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Re: A new subject for discussion?
Thank you for your view. I know almost nothing about Freemasonry. I have
viewed it as a fraternal organisation of like minded men. There is
something in Freemasonry that appears to be special. Why would a pope in
1884 condemn forever Masonic practices? Why would an Italian government fall
simply because it members were Masons?
Glen Cook has supplied some valuable insights he wrote "The Lodge Edinburgh
and Canongate and Leith were operative lodges, that is, made up of stone
masons, but also accepted others who were not stone masons. Others, such as
Cannongate Kilwinning, were accepted lodges, even though they did also have
This leads me to think that perhaps Earl William was more of a Guild chief
that a Freemason. You are correct that We simply assume that the way we see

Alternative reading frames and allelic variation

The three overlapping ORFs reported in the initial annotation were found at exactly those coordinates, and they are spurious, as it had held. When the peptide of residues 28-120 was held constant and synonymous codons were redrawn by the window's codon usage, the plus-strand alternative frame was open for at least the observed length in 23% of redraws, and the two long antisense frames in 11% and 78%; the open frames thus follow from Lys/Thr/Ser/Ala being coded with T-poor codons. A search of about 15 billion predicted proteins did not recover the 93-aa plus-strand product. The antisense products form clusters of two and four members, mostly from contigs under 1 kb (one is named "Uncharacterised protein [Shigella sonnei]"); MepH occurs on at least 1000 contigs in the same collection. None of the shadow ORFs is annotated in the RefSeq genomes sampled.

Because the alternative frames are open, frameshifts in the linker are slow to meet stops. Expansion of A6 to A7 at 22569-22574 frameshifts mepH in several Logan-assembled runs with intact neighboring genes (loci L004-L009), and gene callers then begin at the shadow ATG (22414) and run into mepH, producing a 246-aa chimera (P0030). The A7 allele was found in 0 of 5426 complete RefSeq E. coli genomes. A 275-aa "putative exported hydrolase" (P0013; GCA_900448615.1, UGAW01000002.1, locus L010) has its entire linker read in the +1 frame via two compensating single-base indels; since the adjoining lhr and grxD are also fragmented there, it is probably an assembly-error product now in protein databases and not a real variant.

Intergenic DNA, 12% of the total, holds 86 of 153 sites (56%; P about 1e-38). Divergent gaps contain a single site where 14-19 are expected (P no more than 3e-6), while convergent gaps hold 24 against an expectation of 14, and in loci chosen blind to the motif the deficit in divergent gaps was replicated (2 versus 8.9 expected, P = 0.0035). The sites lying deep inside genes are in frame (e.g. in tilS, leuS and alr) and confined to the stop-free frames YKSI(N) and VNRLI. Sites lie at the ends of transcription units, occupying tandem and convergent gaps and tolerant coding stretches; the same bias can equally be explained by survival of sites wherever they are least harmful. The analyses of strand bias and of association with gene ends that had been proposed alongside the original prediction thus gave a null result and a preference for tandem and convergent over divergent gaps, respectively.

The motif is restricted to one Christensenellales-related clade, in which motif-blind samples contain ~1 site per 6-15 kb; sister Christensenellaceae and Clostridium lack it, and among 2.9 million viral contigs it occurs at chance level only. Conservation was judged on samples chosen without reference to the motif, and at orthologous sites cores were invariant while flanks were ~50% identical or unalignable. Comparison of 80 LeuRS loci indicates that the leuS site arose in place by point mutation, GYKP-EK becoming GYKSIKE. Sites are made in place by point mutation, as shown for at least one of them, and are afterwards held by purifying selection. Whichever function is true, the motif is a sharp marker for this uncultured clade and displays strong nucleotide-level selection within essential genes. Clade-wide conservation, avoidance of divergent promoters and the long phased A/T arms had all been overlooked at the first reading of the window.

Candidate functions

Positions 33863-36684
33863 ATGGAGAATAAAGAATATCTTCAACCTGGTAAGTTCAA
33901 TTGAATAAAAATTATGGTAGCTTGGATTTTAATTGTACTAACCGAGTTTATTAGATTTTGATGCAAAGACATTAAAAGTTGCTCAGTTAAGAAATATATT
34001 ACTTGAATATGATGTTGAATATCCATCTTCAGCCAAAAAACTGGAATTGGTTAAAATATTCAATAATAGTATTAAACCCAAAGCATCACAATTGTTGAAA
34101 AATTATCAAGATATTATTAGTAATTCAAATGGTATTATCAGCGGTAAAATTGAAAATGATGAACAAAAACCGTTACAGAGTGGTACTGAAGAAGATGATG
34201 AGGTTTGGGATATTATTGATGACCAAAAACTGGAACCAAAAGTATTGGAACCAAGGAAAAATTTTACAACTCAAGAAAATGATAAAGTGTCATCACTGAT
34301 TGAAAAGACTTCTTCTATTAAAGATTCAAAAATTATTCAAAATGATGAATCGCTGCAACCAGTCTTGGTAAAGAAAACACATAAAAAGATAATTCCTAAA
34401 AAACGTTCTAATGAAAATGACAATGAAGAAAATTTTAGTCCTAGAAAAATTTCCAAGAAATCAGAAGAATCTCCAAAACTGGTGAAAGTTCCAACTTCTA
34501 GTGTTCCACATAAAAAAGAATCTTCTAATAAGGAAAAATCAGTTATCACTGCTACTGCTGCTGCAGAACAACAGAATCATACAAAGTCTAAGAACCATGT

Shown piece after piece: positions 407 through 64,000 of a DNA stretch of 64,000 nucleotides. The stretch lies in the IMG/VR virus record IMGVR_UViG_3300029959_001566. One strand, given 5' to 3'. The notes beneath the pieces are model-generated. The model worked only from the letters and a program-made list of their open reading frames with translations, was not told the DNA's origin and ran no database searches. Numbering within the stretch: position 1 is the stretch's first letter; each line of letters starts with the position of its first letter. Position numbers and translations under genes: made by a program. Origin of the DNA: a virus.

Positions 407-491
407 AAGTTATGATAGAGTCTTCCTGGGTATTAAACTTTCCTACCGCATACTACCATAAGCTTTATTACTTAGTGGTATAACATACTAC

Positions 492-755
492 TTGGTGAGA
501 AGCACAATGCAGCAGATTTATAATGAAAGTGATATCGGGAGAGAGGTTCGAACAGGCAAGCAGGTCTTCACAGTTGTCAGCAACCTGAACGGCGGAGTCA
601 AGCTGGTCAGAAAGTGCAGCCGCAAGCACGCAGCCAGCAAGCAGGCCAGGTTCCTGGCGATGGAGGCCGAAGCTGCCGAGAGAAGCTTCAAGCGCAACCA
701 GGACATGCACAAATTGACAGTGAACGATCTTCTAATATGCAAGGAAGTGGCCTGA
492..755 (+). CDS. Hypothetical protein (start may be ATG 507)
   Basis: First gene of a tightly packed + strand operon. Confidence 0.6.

things is the way they really are or the way we think they should be. It is
always prudent, however, to raise questions about the most obvious and
simple assumptions. I could not be more in agreement with your statement,
"Let all personal views stand!" If we fail to question our assumptions and
others as well how will we ever know what those views and assumptions are?
Is it a far better thing to have an anchor belief than to sail on windswept
and turbulent seas of thought?
Your point is interesting that Rosslyn produces no direct link and the
"...many motifs and themes within Rosslyn are not carried across into
freemasonry." What vision did William have at Rosslyn? Why did the
Roundheads spare this chapel? Joe Erkes is spot on when he points out that
the symbols are in Rosslyn and I add so is an indefinable feeling.
----- Original Message -----
From: "bruce carlyon" <Bruce_Carlyon@syncsoft.com.au>
Sent: Sunday, April 28, 2002 6:48 AM
Subject: RE: A new subject for discussion?
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